Racism: A Personal Story & Reflection

By: Steve Joseph

This is a story of someone I know who has experienced racial injustice.  It began when my friend Jason was speaking in a different language and a White woman felt uncomfortable.  She expressed racism and said she felt unsafe and uncomfortable about Jason speaking in a different language.  This took place at a mall, where we stopped to pick up a few items before going to the pool.  We asked the woman why she was being racist, and she replied, “I don’t know if you guys are trying to plot to steal something.’  Her response blew my mind!  I asked her how she would feel if I quickly painted her as a criminal without taking a second look.  Things like this happen too often.

Similarly, the BBC NEWS article “Leed Grammar School Launches Inquiry into Racism Allegations,” reported that two Black girls were subjected to racist comments by their White classmates at their Grammar school.  The school later suspended the four White students who were being racist, but initially the two Black girl’s incident reports were not taken seriously.  The Grammar school said “they were skeptical of the inquiry.”  This demonstrates how naive and unwilling the Principal and teachers were, to recognize that racism exists.  Some might say the Black girls and my friend Jason, for example, should have ignored the student’s and white woman’s racial comments.  However, ignoring racial issues can become larger problems; for those being discriminated and the racists as well.  Unfortunately, the result can transition from verbal to physical in a matter of seconds.  The two Black girls were racially abused for the remaining of the school year, and they said it was scary going back to the environment not knowing if the school was going to help them.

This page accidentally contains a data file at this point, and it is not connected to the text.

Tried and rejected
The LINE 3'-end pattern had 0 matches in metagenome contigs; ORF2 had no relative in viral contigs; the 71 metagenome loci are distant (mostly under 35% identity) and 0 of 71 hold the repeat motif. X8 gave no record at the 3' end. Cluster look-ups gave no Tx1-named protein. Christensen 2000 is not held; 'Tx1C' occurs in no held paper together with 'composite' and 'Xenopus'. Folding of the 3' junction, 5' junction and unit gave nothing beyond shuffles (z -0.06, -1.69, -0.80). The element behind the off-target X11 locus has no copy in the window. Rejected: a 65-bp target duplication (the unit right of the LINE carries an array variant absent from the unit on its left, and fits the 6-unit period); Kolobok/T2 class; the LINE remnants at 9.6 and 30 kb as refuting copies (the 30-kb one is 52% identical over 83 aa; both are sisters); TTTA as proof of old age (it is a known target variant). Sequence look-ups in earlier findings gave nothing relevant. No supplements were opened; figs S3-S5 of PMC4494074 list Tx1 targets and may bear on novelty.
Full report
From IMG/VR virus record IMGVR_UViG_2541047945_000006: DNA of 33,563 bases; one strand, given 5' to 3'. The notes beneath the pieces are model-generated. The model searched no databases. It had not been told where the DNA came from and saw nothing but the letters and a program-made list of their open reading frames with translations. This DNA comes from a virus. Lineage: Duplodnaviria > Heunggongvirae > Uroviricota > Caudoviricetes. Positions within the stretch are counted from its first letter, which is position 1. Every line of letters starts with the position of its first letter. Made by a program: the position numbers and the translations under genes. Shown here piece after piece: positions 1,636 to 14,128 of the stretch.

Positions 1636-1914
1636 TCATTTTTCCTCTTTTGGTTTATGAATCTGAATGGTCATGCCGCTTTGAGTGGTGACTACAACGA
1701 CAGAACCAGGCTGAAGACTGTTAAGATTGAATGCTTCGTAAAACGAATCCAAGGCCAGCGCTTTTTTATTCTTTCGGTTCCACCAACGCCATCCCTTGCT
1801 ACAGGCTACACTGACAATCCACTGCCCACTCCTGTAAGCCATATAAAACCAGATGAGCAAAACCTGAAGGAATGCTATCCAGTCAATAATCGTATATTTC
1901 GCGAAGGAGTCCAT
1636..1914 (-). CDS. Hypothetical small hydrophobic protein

In a recent video I watched called “Nobody Born to Hate” a Black man said “People are not born to hate, they learn to hate but should be taught to love. Then the world will be at peace.”  I agree with this statement because without any hate everyone of all races will be able to unite, help and support each other, and not quickly judge their life based on their skin color.  A lot of Black people are told to get over it or be strong, but never receive help to fight racism.  This response creates fear and doubt among Black people and therefore they do not speak up.  A lot of White people don’t take racism seriously because they believe racism is not present in their city or country.  What my friend and I experienced at that mall, is similar to what the Black girls experienced in their school.  People may not have believed my friend and I experienced racism.  Racism against the Black community are not always taken seriously, and the offenders are not given the appropriate punishment.  Communities and authorities should take greater action towards these types of racists acts because it is hurting the Black community.  

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